Here is a short presentation I put together to fill in for my absence during the information literacy workshop at the ULS. I apologize immensely but hope that everyone takes something promising away.
Feel free to post any comments or questions to this post and I will get back to you as soon as I can.
**Note: The embedded video isn’t working in WordPress for me at the moment. Here is the direct link. http://www.slideshare.net/johnfudrow/infolit-gaming
From a recent post on Game Couch, a Nebraska news team forgot to actually investigate their reporting and claimed that the public libraries in their towns were buying video gaming equipment and using them on taxpayer supported time.
The reality was that the outreach program involving video games has been around for some time and is supported by those approving the library funding.
I would call them “gotcha” media, but it doesn’t work if the media reporter looks like the fool.
I believe that this may be their next teaser:
Tomorrow on Action News, the libraries are using tax payer dollars to buy books on Socialism and then encouraging your kids to take them and read them for free. We’ll show you the reactions by Joe 6-pack right after our ongoing coverage of several, local, untamed bears defecating in a wooded area…
While searching for information about new ways to log virtual reference chat sessions, I stumbled upon a new concept in user to service interactions. APML or Attention Profiling Markup Language, is a Web 2.0 driven standard meant to allow you as the user to “inform” the system you wish to use, of the types of things you would be interested in. (In theory.)
What if a library catalog supported this type of language? Imagine uploading your “profile” into the catalog search and being presented with related topics and collections of resources that you may find interesting. Yes this may rely more on the machine and preordained associations, but doesn’t the APML feel a bit like LCSH. Maybe that is a jump, but as libraries search for ways to make their services adapt to the user while still maintaining some structure; is there a way for us to explore this new concept?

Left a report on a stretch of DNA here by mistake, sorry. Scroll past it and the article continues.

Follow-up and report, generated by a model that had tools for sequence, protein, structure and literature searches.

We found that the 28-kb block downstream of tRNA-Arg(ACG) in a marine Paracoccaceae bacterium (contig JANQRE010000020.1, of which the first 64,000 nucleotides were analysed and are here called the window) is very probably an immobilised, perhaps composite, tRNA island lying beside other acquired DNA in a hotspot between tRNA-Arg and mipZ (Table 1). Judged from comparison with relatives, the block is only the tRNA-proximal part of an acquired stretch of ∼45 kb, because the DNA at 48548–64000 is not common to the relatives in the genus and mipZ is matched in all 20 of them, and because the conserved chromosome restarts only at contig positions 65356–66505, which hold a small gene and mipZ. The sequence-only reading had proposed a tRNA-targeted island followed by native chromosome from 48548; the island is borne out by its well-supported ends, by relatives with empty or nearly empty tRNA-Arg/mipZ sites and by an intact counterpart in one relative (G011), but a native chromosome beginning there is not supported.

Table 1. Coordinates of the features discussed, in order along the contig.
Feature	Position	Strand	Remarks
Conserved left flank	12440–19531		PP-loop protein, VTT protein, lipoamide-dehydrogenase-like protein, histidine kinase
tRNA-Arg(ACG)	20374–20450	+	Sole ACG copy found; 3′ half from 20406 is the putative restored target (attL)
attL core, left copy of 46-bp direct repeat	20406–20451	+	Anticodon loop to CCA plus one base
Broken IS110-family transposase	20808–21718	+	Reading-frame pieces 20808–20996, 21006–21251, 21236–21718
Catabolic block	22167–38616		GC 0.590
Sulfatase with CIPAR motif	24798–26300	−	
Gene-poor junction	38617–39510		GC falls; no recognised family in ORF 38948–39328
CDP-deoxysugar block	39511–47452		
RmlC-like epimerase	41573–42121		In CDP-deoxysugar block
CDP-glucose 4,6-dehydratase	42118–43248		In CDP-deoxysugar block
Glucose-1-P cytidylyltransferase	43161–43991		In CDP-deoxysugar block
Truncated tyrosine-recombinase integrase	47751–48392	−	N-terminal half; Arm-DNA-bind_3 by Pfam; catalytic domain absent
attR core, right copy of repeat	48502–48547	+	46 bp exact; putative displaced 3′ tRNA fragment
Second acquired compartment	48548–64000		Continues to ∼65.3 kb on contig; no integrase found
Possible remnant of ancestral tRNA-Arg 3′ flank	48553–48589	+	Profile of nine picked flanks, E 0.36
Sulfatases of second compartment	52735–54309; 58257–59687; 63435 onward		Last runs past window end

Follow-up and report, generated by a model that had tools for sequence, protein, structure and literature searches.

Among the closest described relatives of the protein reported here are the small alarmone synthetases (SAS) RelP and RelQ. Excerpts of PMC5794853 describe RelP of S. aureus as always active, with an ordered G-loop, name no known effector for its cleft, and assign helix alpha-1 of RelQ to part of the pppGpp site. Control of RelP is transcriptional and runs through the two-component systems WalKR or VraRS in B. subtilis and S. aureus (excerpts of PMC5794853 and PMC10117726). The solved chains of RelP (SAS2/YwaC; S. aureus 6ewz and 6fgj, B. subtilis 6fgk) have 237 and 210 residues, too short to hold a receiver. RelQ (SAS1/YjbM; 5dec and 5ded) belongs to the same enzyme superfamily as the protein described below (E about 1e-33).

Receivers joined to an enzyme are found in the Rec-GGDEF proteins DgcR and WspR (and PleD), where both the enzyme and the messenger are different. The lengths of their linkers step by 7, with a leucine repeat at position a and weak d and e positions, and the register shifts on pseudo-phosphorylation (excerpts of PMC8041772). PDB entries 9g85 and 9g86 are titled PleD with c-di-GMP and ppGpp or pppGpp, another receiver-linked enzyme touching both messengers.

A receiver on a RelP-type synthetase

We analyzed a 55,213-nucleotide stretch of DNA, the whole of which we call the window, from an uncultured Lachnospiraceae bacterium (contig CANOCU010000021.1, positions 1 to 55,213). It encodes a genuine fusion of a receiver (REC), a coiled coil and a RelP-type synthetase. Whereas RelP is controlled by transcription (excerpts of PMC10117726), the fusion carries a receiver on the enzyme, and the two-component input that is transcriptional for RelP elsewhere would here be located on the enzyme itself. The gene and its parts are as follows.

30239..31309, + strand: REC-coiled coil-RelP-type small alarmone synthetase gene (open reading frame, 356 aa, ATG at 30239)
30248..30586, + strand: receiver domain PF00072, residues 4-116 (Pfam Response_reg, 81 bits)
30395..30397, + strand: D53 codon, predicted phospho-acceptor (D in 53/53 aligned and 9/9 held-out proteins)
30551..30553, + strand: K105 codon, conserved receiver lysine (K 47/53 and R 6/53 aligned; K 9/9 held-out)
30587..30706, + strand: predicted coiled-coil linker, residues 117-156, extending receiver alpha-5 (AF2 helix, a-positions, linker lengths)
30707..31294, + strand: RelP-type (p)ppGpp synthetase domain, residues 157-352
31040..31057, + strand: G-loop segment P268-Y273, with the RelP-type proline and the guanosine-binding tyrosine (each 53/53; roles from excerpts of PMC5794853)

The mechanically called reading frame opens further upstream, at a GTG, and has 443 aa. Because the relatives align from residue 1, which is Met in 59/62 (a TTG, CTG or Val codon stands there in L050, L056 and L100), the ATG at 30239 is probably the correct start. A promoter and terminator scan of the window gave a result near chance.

Making the rounds on many blogs and dlists is the article from the Chronicle of Higher Education entitled, “A Sociologist Says Students Aren’t So Web-Wise After All.”
Eszter Hargittai, the sociologist involved, asserts the claim made that just because students are of the younger generation it doesn’t justly follow that they will be more “Web-savvy.” According to Dr. Hargittai college freshmen are often unable to exhibit a “basic understanding of such terms as BCC (blind copy on e-mail), podcasting, and phishing.” She goes on to claim that such deficiencies could relate to students not realizing the volatility of such online tools as Wikipedia and how they are created and maintained.
For the most part, this statement seems to hinge on the assumption that being “Web-savvy” directly relates to the level of knowledge about “how” these systems work and not on “how” to make these systems complete the tasks they are designed to do. The aspect of this issue that really needs more attention is the acceptance of technology in their tasks and rate of adaptability. Sure they may not be able to speak WIki code just from looking at the published page, but would they understand the “document structure” in a faster time frame than the Baby-boomer generation?
I hope that this article, and the wave of “I told you so’s” from those questioning the skills of Gen-Y, won’t be used as ammo to negate the development of advanced technology services. We have an open road in front of us for sharing information with those who are “Web-savvy” and possibly even inspiring the next generation of web geniuses. On the flip-side, I whole-heartedly support assessing student skill levels in technology competencies. I would go so far as to start pushing for a standardized assessment tool to be rolled into our library instruction tools. It would not only help instruct the students but their faculty and ourselves at the same time.
For those who missed it the first time, here is a post in which I talked about issues such as this in longer detail.